Shell Oil President at Platts Energy Outlook Forum: Government and Business Can Work Together To Overcome "Divide"

 Shell Oil President at Platts Energy Outlook Forum: Government and Business
                    Can Work Together To Overcome "Divide"

Oil Exec, Economists, Industry Experts Examine Global Energy Issues at Sixth
Annual Event

PR Newswire

NEW YORK, Nov. 29, 2012

NEW YORK  , Nov. 29, 2012 /PRNewswire/ --The shale gas "revolution" is
"redrawing the geopolitical map of the world," and Shell has a four-pronged
approach toward capitalizing on that new supply, the president of Shell Oil
Company told the 2012 Platts Global Energy Outlook Forum "Fuel Fight:
Environment Meets Economics" Thursday in New York City.

Marvin Odum, giving the keynote address at the Forum's luncheon, said his
company has four "pillars" of its gas strategy. He cited specific instances
where Shell is looking at projects that would make those "pillars" actual
projects.

"The gas revolution is a creator of new jobs, a catalyst for a renaissance in
American manufacturing, a bridge to future renewables and with carbon capture
and storage, a destination fuel for an increasingly carbon-constrained
economy," Odum said.

Odum made his remarks before an audience of more than a hundred energy
executives, government officials and other industry representatives. The
Forum, now in its sixth year, consisted of two panel discussions onchallenges
and vulnerabilities of the world's energy systems, including the U.S. shale
boom and nuclear safety.

A recurring theme of the day was the ever-present tension and conflicts
between the energy industry, government and society, which Odum called a
"divide" that did not have to exist.

Speaking to recent issues within Shell Oil Company, which is the U.S. arm of
Royal Dutch Shell, Odum said the company's drilling program in federal waters
offshore Alaska is a sign of a "real example where business and government
work together to secure both the opportunity and the protection." (Shell
received limited permission to drill in the Beaufort and Chukchi seas this
summer, but the limitations on the permit required the company to halt
operations for this year before it reached the hydrocarbon-bearing zone.)

To balance the "rewards and the risks" inherent in drilling in such an
environmentally sensitive area, "government, society and business (must) work
with one another to define expectations, agree on operations standards, and
collaborate on solutions," Odum said. Both the Bush and Obama administrations
"did their due diligence" and Shell was issued drilling permits.

"I believe that this administration sees these resources as critical and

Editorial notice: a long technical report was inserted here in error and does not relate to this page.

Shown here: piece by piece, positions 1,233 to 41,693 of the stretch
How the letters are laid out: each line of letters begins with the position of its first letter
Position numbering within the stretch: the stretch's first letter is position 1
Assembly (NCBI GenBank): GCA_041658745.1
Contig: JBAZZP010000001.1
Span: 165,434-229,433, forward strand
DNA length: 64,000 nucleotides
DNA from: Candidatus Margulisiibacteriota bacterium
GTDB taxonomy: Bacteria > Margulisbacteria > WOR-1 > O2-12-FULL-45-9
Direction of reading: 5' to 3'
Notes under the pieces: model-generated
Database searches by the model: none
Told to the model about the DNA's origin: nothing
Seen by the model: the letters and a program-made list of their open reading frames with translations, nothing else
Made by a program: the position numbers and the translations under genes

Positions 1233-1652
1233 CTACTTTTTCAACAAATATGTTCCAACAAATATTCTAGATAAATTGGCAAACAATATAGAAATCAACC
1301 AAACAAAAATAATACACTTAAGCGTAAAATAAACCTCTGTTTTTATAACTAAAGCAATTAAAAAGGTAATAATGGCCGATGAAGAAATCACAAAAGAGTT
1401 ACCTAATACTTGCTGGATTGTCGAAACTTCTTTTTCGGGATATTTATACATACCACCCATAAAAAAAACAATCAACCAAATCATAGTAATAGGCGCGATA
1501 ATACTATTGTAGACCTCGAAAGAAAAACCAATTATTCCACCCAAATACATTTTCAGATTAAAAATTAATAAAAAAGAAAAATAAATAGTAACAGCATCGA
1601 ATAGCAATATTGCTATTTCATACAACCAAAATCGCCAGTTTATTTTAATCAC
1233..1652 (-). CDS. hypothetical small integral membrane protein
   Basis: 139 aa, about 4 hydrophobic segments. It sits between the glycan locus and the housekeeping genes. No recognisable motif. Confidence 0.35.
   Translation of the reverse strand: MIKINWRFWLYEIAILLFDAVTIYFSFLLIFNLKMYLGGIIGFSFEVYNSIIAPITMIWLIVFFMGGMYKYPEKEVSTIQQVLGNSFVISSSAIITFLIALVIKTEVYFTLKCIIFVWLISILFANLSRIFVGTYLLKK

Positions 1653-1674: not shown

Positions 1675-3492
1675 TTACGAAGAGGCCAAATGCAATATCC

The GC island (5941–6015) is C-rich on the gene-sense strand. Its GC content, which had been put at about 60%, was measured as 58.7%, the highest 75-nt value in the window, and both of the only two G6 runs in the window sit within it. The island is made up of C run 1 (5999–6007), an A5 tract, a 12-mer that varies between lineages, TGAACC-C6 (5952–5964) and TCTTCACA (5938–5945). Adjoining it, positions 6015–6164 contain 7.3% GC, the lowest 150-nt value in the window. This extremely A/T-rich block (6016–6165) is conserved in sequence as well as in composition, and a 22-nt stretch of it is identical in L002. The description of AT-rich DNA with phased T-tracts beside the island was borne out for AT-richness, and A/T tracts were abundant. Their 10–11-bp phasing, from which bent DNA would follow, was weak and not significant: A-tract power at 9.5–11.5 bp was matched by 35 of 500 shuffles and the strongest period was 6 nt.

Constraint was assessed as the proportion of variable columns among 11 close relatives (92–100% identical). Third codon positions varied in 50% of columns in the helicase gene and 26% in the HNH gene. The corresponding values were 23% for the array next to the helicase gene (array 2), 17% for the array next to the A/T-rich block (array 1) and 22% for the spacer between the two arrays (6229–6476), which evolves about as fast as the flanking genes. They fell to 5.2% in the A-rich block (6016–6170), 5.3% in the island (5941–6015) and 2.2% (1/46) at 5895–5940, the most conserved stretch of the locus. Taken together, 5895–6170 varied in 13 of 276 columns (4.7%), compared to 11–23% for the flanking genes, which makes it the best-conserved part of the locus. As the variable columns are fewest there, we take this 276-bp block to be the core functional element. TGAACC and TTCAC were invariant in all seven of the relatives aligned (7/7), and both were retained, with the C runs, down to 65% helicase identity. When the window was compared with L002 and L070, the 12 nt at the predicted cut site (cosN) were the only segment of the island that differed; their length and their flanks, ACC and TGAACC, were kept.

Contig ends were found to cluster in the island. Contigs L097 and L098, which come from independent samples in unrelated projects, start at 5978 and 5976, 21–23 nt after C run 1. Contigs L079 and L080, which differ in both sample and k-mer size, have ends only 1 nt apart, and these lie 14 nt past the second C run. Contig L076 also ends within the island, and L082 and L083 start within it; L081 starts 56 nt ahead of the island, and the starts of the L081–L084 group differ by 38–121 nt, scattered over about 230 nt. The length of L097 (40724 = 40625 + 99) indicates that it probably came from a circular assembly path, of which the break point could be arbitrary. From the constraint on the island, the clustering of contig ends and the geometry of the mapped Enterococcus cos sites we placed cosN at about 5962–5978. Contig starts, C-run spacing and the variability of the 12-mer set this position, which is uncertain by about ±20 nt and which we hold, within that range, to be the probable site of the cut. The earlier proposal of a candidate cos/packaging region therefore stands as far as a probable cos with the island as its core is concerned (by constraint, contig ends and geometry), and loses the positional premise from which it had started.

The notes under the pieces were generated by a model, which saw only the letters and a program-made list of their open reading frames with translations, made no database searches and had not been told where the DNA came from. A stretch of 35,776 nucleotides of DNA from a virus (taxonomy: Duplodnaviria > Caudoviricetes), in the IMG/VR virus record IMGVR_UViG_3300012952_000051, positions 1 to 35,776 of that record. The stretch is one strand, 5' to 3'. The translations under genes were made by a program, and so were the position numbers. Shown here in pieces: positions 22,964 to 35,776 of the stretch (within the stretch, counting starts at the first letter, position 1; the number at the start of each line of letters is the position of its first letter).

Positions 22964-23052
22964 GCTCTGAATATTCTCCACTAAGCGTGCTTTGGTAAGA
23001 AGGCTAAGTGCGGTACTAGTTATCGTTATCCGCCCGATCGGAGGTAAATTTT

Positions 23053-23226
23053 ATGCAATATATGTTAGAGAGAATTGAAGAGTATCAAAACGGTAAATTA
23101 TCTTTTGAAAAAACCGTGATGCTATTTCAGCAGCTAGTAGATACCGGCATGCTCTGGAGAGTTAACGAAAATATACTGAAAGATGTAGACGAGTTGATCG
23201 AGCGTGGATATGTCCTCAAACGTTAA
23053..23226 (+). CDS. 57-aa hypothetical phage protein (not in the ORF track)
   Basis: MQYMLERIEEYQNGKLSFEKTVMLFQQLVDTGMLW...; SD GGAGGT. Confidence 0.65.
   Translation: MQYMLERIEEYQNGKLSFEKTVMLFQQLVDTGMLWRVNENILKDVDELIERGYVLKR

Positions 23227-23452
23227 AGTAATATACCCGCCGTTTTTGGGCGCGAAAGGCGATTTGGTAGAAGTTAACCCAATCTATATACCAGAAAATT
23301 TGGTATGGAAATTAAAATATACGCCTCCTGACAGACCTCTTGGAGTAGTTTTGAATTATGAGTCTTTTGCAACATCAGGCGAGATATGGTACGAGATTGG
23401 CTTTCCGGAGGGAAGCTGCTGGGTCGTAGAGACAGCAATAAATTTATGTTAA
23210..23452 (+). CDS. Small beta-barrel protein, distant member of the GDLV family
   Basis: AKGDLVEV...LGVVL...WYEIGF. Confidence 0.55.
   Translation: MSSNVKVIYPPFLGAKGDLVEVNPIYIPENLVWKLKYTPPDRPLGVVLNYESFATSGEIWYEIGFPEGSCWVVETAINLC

strategic to the nation and part of their 'all of the above' energy strategy,"
Odum said.

Odum also noted in his address that even as the U.S. is dealing with a glut of
natural gas that is creating the opportunities for the four pillars, there are
still major supply/demand balance issues for the world going forward.

"It's true that the world's total supply of energy has never failed to meet
demand...not yet, anyway," Odum said. "And it's true that technology
breakthroughs have resulted in such a short-term glut of natural gas in this
country that fears about supply seem irrelevant."

But long-term global demand continues to rise, Odum noted. "Even if energy
efficiencies reduce growth by 20 percent, and even if ordinary rates of supply
growth boost supply by 50 percent, we could still face a gap between supply
and demand equivalent to the size of the entire industry in the year 2000."

Earlier during the Forum - which featured opening remarks from World Energy
Council Chairman Pierre Gadonneix – participants discussed numerous topics,
including recent fuel prices, climate change, natural disasters and elections,
during two roundtable discussions, "The Technology Battle" and "Global
Face-Off: Governments Lock Horns with Industry."

Robert Bryce, senior fellow at the Manhattan Institute and Forum panelist,
said renewable energy "may be a darling of politicos and the Green/Left, but
it simply cannot provide the enormous scale of energy that the world demands
at prices consumers can afford."

"Furthermore, the growth in the coal market is swamping any gains that might
be had from renewables," Bryce said. "In 2011 alone, global coal consumption
increased by aboutby 3.9 million barrels of oil equivalent per day.That's
about the same amount of energy as is provided by all global non-hydro
renewable sources, such as wind, solar, and biomass."

To the contrary, said fellow panelist Jigar Shah, founder of SunEdison and
former CEO of Carbon War Room. "We can solve climate change," Shah said. "The
deployment of cost-effective technologies we have invented since the 1970s
represent the largest wealth creation opportunity on the planet."

The Forum, which this year sponsored by Fortune magazine, is held annually in
association with the Platts Global Energy Awards, a program now in its 14^th
year, which recognizes exemplary industry leadership and innovation in more
than a dozen performance categories.

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